Purple Color Psychology
What is the first thing you think of when you hear the word "purple"?
Purple is Mysterious
The color of mystery, spirituality, and harmony with one's surroundings and self, when overused purple can also be considered artificial and contrived, since the closest natural pigment, indigo, is not easily found in nature.
In 2008, Pantone decreed the color of the year as Blue Iris, a wonderfully balanced purple and blue. It combines the pacific stability of blue with the inscrutability and transcendental qualities of purple.
Said Leatrice Eiseman, executive director of the Pantone Color Institute at the end of 2007, "As a reflection of the times, Blue Iris brings together the dependable aspect of blue, underscored by a strong, soul-searching purple cast. Emotionally, it is anchoring and meditative with a touch of magic."
Modern American Color Associations
Deep, soft, atmospheric
Cool, mist, darkness, shadow
Dignified, pompous, mournful, mystic
The Color of Royalty
But there's more to purple than being the color of drapes in shops selling spiritual items! Purple has been considered the color of royalty and wealth for centuries (especially the more costly, darker shades), while also stimulating the brain in its problem solving abilities.
In marketing, many companies use purple artfully to continue with the mysterious aspect of the color, but when used in its lighter tones such as lavender, tends toward association with springtime, romance, and youth especially when combined with white, traditionally the color of purity.
Treating Disease with Purple
Practitioners of Ayurvedic chromatherapy (color in healing), believe that purple has certain effects that assist in cures. They believe:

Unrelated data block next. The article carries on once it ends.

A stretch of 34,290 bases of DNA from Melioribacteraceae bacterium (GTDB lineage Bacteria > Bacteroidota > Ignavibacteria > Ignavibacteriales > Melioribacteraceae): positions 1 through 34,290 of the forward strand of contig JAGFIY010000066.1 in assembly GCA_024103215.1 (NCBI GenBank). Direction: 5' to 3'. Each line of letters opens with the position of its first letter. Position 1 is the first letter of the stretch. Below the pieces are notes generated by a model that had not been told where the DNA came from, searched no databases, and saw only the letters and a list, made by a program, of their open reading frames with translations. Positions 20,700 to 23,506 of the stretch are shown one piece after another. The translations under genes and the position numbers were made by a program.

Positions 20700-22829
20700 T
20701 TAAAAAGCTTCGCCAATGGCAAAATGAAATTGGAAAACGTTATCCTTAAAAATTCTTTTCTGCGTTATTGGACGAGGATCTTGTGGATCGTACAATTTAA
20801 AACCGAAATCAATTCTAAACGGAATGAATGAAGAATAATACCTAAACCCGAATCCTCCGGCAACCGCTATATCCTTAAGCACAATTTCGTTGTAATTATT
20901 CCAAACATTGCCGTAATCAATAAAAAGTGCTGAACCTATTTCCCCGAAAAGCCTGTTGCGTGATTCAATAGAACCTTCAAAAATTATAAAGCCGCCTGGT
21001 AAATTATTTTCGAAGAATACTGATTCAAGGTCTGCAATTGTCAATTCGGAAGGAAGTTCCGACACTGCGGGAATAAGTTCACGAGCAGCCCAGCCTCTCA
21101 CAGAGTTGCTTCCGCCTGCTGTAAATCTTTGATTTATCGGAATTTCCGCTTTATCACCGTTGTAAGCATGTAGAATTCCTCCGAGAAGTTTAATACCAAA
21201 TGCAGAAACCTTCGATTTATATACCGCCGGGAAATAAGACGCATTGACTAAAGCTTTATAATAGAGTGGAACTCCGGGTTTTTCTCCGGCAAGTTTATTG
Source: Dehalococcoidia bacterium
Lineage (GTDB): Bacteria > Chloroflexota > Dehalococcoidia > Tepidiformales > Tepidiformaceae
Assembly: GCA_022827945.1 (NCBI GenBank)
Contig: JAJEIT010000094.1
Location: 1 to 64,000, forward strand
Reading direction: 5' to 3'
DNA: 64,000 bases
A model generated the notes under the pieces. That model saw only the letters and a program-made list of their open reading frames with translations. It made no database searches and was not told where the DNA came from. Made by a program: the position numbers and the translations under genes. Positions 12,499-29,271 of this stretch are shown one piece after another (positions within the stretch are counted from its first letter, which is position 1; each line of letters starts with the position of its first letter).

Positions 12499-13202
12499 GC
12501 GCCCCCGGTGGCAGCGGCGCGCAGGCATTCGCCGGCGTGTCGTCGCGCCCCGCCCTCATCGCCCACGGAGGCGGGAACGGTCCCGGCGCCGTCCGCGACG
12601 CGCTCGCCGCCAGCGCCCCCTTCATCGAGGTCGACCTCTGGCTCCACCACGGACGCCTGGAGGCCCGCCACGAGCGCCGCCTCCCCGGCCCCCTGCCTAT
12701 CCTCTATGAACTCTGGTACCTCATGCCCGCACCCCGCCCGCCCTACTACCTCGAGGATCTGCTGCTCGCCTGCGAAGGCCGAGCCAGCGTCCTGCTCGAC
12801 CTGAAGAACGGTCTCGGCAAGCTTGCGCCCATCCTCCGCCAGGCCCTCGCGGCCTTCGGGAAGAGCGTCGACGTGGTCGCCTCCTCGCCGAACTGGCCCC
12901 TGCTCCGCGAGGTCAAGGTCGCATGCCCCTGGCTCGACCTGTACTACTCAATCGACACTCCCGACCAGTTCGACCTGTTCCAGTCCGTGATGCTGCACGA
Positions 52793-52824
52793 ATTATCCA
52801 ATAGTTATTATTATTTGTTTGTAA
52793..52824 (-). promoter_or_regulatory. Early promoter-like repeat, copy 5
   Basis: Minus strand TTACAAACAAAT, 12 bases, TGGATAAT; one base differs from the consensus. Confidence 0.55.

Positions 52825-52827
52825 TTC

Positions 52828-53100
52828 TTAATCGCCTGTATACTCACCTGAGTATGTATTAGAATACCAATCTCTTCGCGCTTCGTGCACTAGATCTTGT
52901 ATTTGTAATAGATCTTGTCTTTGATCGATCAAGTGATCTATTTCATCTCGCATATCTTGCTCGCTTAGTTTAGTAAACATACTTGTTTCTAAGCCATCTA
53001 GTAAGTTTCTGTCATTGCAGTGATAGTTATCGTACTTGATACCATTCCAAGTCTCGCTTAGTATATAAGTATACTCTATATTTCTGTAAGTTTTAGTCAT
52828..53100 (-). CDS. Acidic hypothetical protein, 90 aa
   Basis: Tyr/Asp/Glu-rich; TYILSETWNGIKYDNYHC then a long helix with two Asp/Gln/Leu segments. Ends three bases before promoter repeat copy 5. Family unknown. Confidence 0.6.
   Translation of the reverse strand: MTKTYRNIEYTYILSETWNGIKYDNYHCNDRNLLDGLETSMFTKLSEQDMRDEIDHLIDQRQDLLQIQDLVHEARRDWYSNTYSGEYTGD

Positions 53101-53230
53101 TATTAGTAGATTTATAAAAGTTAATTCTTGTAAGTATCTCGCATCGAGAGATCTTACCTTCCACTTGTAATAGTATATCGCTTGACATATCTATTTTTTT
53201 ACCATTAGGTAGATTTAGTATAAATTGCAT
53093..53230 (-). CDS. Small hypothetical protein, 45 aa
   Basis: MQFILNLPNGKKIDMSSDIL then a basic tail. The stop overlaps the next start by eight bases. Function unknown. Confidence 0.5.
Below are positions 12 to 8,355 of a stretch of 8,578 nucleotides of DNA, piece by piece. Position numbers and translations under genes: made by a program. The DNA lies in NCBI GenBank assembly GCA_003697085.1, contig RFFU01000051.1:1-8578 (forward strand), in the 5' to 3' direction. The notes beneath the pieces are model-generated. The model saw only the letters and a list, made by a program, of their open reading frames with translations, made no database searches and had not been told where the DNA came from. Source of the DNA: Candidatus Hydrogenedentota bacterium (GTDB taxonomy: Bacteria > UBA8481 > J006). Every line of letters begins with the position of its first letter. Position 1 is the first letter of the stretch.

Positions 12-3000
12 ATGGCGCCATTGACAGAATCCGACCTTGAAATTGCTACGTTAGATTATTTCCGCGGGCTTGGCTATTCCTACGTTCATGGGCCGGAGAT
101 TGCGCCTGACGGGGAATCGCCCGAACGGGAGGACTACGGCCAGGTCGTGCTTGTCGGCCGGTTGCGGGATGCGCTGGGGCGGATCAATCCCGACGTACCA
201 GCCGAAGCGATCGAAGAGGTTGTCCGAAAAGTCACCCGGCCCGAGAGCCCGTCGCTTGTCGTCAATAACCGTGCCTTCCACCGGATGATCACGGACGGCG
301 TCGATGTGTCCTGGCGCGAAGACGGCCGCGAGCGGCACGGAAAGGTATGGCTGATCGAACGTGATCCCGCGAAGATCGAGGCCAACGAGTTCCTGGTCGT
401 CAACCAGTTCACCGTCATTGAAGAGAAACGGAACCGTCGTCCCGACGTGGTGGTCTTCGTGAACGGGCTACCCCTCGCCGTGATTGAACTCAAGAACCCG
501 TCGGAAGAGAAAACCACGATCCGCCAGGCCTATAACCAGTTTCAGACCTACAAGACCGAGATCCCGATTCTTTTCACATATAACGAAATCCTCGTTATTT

- Purple has analgesic (painkilling), anti-pyretic (cooling), narcotic, and hypnotic properties
- It is the color of anger, divinity, and royalty
- Purple is a venous stimulant
- The color may be used to assist in energizing someone without making their condition worse (i.e. if they suffer from kidney, lung, or stomach ailments)
Decorating with Purple
There are so many ways to use purple in your home, without it appearing like a yoga studio, an old-fashioned receiving hall, or an overdone powder room.
Here are some suggestions:
Add a cozy purplish area rug to your entry hall -- it will make your guests feel welcome and the dark color will conceal any dirt from their footwear.
Paint the bathroom in lilac, lavender, or mauve. Lighter purple tones are soothing and if you desire to take a bath, why not be surrounded by a gentle color?
Pair purple with a bright white or fresh golden yellow for a sharp look; if you desire something more traditional, try medium browns or tan tones instead.
In the bedroom, a purple sheet set will make you feel like a million bucks.
When all else fails, a plant with purple blooms or freshly cut flowers always help to spruce a place up.
You might be surprised at how well purple can fit into your home!
Facts About Purple
- The ancient remedy of using the purple dye extracted from murex shells to stop the overgrowth of granulation tissue was the earliest use of calcium oxide to assist in medical use. Today, that compound is used as "Dakin's solution".
- Turtles have well-developed vision, and the most important hues for them include violet.
- Violet has the most subduing influence, with standard purple following.
- Purple has been associated with tragedy.
- In an abstract form, purple is soft and flowing, and suggests the form of an oval.
- In ancient heraldry, purple stands for royalty or rank.
- Purple vestments worn by Roman Catholic clergy symbolizes affliction and melancholy.
Amber, Reuben, Color Therapy. Aurora Press, New York, 1983.
Birren, Faber,Color Psychology and Color Therapy. Citadel Publishing, New York, 1950